As the web landscape grows in complexity, it’s becoming extremely important to deliver solid web experiences in a growing number of contexts. Responsive web design gives designers & developers an important tool for making layouts that respond to any screen size. The use of fluid or reactive grids, together with flexible images and media queries to get optimum look and feel from a layout – regardless of the size of the device’s screen dimensions – is at the heart of this digital framework.
In September 2012 we launched Which? University which was the first digital product where we decided to pilot both the new digital brand AND a responsive digital layout. In developing a solid framework we needed to bear in mind a few basic considerations, the most important of which was a flexible grid that could accommodate a variety of screen resolutions.
Initially we decided to use the Bootstrap framework – created and popularised by Twitter. This worked well to a point but going forward we decided that a more robust (and less fluid) grid would be required. We then moved to a more reactive grid (based around the Frameless concept) which is actually fixed-width, not fully-fluid, but retained many of the properties that are desirable in developing in a multi-device, multi-screen environment. By conforming to a fixed width, the reactive grid also gave us tighter control over the designs at different resolutions (and thus consistency); and furthermore because we only had to optimize for four or five variants, we thereby streamlined the testing process. In addition Bootstrap is a ‘top down’ (or desktop optimized ) solution and we had some desire to shift the focus from this approach to a more mobile (or at least tablet) focused solution.
Mobile First or Progressive Enhancement?
Starting from the smallest screen size and working upwards is the most logical and productive way to design user experiences. By considering mobile first, we can progressively enhance the experience for other devices, focussing our content as we go. This has a beneficial effect for tablet, desktop and other screen formats too. It forces us to focus on information and user needs first, before enhancing the UX as our work progresses to larger screens. This often means we take a linear ‘one column’ approach. It gives us a basic hierarchy, and helps us prioritise our content.
In practice this means paying close attention to both interface, way-finding and information hierarchies – as well as a highly organised structure for base styles from text to imagery display. Although it doesn’t sound it at first, these constraints can open new opportunities – making very conscious, and somewhat brutal, prioritizations of content structure can feel strangely liberating!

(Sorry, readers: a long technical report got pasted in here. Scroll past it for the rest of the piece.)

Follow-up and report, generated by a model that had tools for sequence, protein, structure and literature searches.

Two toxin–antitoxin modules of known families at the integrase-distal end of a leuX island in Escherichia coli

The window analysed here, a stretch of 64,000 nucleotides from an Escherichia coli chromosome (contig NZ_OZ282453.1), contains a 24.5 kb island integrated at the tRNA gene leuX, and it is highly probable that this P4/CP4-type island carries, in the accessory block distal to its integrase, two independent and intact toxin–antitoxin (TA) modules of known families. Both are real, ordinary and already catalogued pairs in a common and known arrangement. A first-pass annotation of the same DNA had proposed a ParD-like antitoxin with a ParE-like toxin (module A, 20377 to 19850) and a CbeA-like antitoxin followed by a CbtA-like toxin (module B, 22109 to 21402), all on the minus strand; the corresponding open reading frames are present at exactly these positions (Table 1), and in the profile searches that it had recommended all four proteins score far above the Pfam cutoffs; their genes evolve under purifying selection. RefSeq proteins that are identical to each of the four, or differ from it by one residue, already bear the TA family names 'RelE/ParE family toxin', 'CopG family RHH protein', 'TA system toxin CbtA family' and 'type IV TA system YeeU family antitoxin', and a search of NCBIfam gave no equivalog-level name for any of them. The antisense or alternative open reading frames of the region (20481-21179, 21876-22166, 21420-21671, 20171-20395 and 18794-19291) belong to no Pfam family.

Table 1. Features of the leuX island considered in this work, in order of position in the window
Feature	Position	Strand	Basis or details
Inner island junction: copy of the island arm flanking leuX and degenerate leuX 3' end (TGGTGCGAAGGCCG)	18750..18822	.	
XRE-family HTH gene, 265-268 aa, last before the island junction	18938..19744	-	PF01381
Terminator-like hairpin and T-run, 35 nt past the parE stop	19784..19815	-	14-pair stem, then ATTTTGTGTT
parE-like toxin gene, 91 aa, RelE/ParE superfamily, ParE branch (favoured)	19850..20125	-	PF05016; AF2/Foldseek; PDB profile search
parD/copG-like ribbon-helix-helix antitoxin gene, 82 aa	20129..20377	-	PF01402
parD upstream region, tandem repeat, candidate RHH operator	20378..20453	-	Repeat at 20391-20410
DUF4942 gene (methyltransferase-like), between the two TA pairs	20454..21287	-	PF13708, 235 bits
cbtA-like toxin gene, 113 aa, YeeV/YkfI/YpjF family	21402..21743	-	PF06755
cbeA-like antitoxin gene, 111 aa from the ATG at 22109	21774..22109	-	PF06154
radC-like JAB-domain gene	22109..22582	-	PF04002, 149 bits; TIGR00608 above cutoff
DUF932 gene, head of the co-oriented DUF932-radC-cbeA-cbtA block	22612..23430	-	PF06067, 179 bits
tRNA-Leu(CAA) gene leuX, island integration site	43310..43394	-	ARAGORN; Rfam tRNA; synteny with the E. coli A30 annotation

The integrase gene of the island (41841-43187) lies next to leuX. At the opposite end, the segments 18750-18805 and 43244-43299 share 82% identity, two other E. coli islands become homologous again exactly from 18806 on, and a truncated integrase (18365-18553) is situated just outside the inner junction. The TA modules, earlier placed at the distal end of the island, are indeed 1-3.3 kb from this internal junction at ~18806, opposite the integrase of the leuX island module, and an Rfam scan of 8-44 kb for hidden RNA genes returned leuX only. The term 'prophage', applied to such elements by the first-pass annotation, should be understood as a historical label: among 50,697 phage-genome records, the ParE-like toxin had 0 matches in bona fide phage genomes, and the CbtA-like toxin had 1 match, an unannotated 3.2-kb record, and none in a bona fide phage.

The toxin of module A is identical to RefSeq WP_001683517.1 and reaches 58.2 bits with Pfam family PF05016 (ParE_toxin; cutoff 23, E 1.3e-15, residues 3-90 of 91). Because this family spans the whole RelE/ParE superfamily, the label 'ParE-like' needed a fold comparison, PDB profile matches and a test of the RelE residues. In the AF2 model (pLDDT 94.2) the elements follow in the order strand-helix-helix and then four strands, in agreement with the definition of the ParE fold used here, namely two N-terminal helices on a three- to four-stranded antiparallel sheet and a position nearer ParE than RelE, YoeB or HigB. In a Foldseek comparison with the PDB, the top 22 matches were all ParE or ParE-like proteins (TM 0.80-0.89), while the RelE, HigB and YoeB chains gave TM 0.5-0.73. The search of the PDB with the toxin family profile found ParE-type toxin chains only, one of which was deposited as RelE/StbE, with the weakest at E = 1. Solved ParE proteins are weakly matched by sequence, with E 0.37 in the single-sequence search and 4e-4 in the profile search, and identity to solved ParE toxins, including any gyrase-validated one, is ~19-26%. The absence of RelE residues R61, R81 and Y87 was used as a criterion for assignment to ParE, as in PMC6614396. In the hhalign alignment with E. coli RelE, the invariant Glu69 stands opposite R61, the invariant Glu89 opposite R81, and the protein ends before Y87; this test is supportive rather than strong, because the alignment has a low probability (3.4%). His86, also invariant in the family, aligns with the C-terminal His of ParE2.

Developing mobile first is efficient. But we also need to think about browser technology and screen real estate for desktop and tablet. Using these efficiently is hugely important for Which? audiences. With that in mind, we’ve moved towards a tablet-optimal approach which targets the devices most of our audiences are likely to be using.* So although mobile first is a good starting point for developing our products, we rarely see it as the endpoint.
*It should come as no surprise that currently (July 2015) our dominant OS and browser combo is actually Safari on iOS (largely due to the prevalence of iPad tablets and iPhones in our core user demographic)
From design to realisation
Obviously in practice some of the ‘ideal world’ methodologies are not always practicable. Many articles have been written around the lack of need for the traditional process of website development e.g. shape the UX and content, deliver wire-frames, pass on to the designer to ‘design in Photoshop/Illustrator’ and deliver a load of finished layouts to the developer to painstakingly craft in HTML. A more integrated, tightly knit “three-some” of UX, designer and developer working together (preferably right next to one another actually!) is the much favoured approach for developing these responsive frameworks. However, we found that to get buy-in (and crucially sign-off) it IS still necessary at some level to visually design something representative before coding begins in earnest, so that stakeholders can judge the holistic ‘look and feel’.